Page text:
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Gene Therapy May Reverse Hurler Syndrome, a Rare and Severe Illness in Kids

HealthDay News
by By Amy Norton HealthDay Reporter
Updated: Nov 18th 2021

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THURSDAY, Nov. 18, 2021 (HealthDay News) -- Gene therapy might soon offer a new option for children with a rare genetic disorder that damages tissues throughout the body, researchers are reporting.

In a study of eight children with the condition, called Hurler syndrome, researchers found that the gene therapy was safe over two years. It also showed potential for beating the current standard treatment, stem cell transplantation.

If the gene therapy proves safe and effective in the longer term, experts said, it may well replace stem cell transplants in the future.

"I do think this is a triumph," said Dr. Christopher Dvorak, who co-wrote an editorial published with the study Nov. 18 in the New England Journal of Medicine.

"It's likely to change lives in the not-too-distant future," said Dvorak, a specialist in pediatric stem cell transplantation at the University of California, San Francisco.

Hurler syndrome is one of about 50 genetic diseases known as lysosomal disorders, where children are born lacking key enzymes needed for body cells to function normally.

Hurler syndrome arises when a child inherits a flawed copy of a gene called IDUA from each parent.

The IDUA gene governs an enzyme that breaks down certain complex sugars. In children with Hurler syndrome, those sugars accumulate in cells, causing damage throughout the body, including the brain, eyes, heart and bones.

Enzyme replacement therapy can help with some of those issues, but it does not cross into the brain, said Dr. Walla Al-Hertani, director of the lysosomal disease program at Boston Children's Hospital.

So doctors have turned to stem cell transplants.

The process involves using chemotherapy to deplete a child's own blood-forming stem cells, and replacing them with healthy stem cells from a donor, often from umbilical cord blood. Those healthy cells provide a supply of the needed enzyme, including into the brain.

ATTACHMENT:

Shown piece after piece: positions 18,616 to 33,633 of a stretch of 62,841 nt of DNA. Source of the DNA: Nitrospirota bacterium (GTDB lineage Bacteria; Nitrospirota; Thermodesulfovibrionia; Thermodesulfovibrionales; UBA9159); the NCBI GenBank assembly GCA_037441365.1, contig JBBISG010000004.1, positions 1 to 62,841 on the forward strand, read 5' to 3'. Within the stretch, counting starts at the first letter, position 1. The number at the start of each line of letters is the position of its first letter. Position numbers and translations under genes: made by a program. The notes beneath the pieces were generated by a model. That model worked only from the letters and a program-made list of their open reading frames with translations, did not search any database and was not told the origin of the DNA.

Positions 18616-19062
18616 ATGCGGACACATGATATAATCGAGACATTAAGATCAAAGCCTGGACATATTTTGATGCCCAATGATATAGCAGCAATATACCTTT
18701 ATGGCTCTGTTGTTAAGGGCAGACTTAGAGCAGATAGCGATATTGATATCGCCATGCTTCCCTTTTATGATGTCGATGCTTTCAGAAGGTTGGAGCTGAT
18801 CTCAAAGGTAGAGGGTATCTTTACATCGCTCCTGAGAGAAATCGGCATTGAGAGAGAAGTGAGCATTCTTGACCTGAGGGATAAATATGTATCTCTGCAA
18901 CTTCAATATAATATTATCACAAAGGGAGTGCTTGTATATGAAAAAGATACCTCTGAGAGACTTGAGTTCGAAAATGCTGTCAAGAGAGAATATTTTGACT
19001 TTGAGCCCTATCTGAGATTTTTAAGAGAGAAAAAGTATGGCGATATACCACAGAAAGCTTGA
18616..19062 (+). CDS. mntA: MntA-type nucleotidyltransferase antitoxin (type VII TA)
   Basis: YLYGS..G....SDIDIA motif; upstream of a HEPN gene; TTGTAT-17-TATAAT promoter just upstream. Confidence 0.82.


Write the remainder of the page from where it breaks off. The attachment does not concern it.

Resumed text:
However, there are downsides.

Even after a transplant, both eye and joint disease can continue to worsen because those areas have a lesser blood supply, explained Al-Hertani, who was not involved in the new study.

And because the treatment involves donor cells, there is a risk of serious immune system reactions, which means ongoing immune-suppressing medication.

Gene therapy could potentially address those issues. For the new study, an international research team tested the approach in eight children with Hurler syndrome, who were about 2 years old, on average.

The tactic involved removing a sample of the children's own blood-forming stem cells, then using a safety-modified virus to deliver a functioning IDUA gene to the cells. After the children had chemotherapy to deplete their remaining blood stem cells, the gene-corrected cells were infused back into their bodies.

Within a month, the researchers found, the children were showing high IDUA activity in their blood — three to 12 times higher than what's seen in healthy donors — and a sharp reduction in abnormal sugar accumulation.

That high IDUA activity is key, according to lead researcher Dr. Bernhard Gentner of San Raffaele Hospital in Milan, Italy.

Gentner said it suggests that gene therapy might allow more efficient "cross correction" of cells in various body tissues, including the bones — where stem cell transplantation is not effective.

At this point, Gentner's team reports, the children have shown normal growth, and are stable in their learning and thinking skills, and stable or "improved" in imaging of the brain and spine.

Al-Hertani said the children need to be followed longer to see whether their enzyme activity remains high, and whether the gene therapy is, in fact, more effective than standard transplants.

But in general, Al-Hertani said she believes gene therapy is "the future" when it comes to treating these rare genetic disorders.

"Our goal," Gentner said, "is to make this new treatment available to patients as soon as possible."

To that end, he added, U.K.-based Orchard Therapeutics has been granted a license to further develop the gene therapy. A phase 2 study is in the "advanced" planning stages, Gentner said.

Dvorak said he does have some concerns about equitable availability should gene therapy become a standard treatment for Hurler syndrome.

In theory, any medical center that treats the condition should be able to offer gene therapy. But it's possible it will roll out in a more limited way, according to Dvorak.

"It's also going to be quite pricey," he said. "I do have concerns that there could be socioeconomic disparities in access to it."

Hurler syndrome affects an estimated one in 100,000 newborns, according to the U.S. National Institutes of Health. The disorder is part of newborn screening in some U.S. states, Dvorak said, but not all.

More information

Boston Children's Hospital has more on Hurler syndrome.

SOURCES: Bernhard Gentner, MD, hematologist, stem cell transplantation unit, San Raffaele Hospital, Milan, Italy; Walla Al-Hertani, MD, MSc, director, lysosomal disease program, Boston Children's Hospital, assistant professor, pediatrics, Harvard Medical School, Boston; Christopher Dvorak, MD, chief, pediatric allergy, immunology and bone marrow transplant division, Benioff Children's Hospitals, University of California, San Francisco; New England Journal of Medicine, Nov. 18, 2021